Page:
I keep getting notifications from a sweepstakes website on my iMac.
I can’t figure out where they come from, or how to get rid of them.
What can I do?
You have somehow turned on “notifications” in either your Yahoo Mail or the Mac operating system.
Yahoo Mail notifications tell you when a new email arrives in your inbox, including a spam email. Mac notifications come via your web browser or apps installed on your computer.
There are a couple of ways that Yahoo Mail notifications reach you:
• If you view Yahoo Mail through the Safari, Chrome or Firefox browsers, you will only get notifications when you have the Yahoo Mail website open. You can use the Yahoo Mail website to turn off those notifications (see tinyurl.com/y3h8f8ff).
• If you view email via the Yahoo mail app, you will get notifications all the time, regardless of browser activity. On a Mac or PC, you can turn off notifications in the mail app (see tinyurl.com/y6pvm75h — turn notifications off instead of on). Readers who use the Yahoo Mail app on a phone or tablet using the Google Android or Apple iOS operating systems should turn off notifications via the device’s settings (see the same website).
On a Mac, the operating system allows you to receive notifications via apps to which you have given messaging permission. To turn off these notifications, change the settings in the Mac operating system’s Notification Center (see tinyurl.com/ltlfnr6).
I keep getting pop-up ads on my tablet computer, a Samsung Galaxy Tab S2 that uses the Android operating system.
How can I block them?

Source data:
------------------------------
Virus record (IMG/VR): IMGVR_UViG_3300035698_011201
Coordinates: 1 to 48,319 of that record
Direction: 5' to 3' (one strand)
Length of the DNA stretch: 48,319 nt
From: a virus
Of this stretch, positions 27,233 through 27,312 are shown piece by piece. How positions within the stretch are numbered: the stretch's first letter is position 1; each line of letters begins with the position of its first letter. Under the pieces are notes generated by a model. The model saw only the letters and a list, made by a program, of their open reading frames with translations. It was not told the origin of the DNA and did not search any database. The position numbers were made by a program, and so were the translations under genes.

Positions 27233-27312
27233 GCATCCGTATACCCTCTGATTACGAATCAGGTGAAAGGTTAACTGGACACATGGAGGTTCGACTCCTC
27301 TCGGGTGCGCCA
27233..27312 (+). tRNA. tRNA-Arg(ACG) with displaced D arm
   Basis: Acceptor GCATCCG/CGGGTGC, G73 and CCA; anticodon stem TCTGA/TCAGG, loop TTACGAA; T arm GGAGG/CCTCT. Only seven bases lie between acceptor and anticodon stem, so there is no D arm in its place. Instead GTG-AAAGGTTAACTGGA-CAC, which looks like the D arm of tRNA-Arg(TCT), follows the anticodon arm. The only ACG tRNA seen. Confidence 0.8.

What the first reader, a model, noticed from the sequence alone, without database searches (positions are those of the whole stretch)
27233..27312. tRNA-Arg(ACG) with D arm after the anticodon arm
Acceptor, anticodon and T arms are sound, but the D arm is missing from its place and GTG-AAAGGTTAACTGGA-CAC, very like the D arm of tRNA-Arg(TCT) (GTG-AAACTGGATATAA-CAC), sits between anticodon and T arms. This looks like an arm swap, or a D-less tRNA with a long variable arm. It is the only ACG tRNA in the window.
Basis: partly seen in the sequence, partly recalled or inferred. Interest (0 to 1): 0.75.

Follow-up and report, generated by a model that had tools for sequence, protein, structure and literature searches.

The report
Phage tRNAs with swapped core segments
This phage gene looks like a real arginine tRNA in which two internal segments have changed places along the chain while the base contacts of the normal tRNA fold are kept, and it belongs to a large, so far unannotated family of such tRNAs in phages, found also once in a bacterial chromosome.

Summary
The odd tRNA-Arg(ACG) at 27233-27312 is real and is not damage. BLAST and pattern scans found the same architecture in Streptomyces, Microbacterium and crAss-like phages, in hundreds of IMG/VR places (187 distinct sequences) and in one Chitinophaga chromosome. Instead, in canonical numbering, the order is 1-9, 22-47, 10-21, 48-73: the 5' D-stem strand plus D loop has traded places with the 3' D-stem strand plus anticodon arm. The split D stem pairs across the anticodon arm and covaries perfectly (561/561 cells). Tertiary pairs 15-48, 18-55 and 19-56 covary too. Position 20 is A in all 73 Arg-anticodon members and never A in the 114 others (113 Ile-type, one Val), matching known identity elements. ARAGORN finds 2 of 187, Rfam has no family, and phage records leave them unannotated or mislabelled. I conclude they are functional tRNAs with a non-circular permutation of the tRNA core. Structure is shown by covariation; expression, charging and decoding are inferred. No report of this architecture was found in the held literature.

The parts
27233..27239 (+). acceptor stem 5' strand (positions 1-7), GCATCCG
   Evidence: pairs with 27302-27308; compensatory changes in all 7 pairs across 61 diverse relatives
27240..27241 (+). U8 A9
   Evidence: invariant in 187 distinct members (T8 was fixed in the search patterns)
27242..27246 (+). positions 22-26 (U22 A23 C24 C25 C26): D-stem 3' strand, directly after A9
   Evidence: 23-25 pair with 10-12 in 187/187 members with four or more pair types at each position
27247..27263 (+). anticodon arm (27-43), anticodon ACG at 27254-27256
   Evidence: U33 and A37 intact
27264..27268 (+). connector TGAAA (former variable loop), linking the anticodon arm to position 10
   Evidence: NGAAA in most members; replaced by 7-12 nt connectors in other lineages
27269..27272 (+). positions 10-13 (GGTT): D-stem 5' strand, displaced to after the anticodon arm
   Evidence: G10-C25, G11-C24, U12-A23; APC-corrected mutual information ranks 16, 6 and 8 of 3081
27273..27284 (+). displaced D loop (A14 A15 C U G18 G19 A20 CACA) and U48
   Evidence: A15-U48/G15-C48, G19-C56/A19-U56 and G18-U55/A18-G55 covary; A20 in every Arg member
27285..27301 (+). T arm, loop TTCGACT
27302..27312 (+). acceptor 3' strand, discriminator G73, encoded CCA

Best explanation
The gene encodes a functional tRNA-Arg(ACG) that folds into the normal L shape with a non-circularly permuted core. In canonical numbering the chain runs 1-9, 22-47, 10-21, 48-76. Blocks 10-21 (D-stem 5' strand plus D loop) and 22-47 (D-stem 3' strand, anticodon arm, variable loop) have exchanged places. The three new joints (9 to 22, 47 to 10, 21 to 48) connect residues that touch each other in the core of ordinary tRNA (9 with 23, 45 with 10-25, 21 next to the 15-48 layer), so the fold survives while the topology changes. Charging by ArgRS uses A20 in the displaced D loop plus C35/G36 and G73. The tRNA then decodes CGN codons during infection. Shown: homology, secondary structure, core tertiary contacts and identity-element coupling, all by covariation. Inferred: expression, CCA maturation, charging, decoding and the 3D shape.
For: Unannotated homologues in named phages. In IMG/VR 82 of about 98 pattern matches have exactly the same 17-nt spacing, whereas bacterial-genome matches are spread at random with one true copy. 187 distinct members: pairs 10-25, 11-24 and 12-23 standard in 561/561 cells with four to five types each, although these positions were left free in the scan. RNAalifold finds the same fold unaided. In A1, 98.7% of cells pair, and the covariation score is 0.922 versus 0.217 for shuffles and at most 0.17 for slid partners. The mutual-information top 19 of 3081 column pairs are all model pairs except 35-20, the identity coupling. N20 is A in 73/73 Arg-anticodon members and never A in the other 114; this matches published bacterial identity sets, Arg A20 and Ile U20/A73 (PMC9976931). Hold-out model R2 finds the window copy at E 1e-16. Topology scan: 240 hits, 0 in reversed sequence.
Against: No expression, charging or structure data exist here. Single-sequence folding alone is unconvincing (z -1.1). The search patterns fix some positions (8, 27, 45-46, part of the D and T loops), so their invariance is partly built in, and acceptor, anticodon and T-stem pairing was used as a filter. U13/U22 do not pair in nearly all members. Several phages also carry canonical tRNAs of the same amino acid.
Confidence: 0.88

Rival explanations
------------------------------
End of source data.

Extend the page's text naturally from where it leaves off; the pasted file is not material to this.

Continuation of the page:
The pop-ups could come from your Google Chrome browser or a malicious app.
Try turning on Chrome’s pop-up blocker (see tinyurl.com/y3we7lfl). If that doesn’t stop the pop-ups, they are probably caused by an app on the tablet.
You can try to find and uninstall the app by using ad detection software, such as AppBrain Ad Detector or Addons Detector (both are in the Google Play store).
Or you can try to find the app yourself: When a pop-up ad appears, press the “Recent Apps” button, which is to the left of the “Home” button at the bottom of the device. (Pressing the button once shows which apps were most recently used; pressing and holding the button shows which apps are currently active.)
Look at the resulting lists quickly, because some malicious apps can disappear from a list in seconds. When you know which app it is, uninstall it.
If neither approach works, you can return the tablet to its factory settings (see tinyurl.com/y2el5u8y). You will first need to back up your “media and pictures” data, then restore it after the reset (see tinyurl.com/yxneg96d). Don’t back up your apps — you would just be backing up the malicious app, too. After the reset, reinstall the apps one at a time to identify the one containing malware.
Or you can leave the malicious app in place and combat it with an ad blocker program (see tinyurl.com/y4ntv2z6).
Steve Alexander covers technology for the Minneapolis Star Tribune. Readers can send their questions to him at firstname.lastname@example.org. Please include a full name, city and phone number.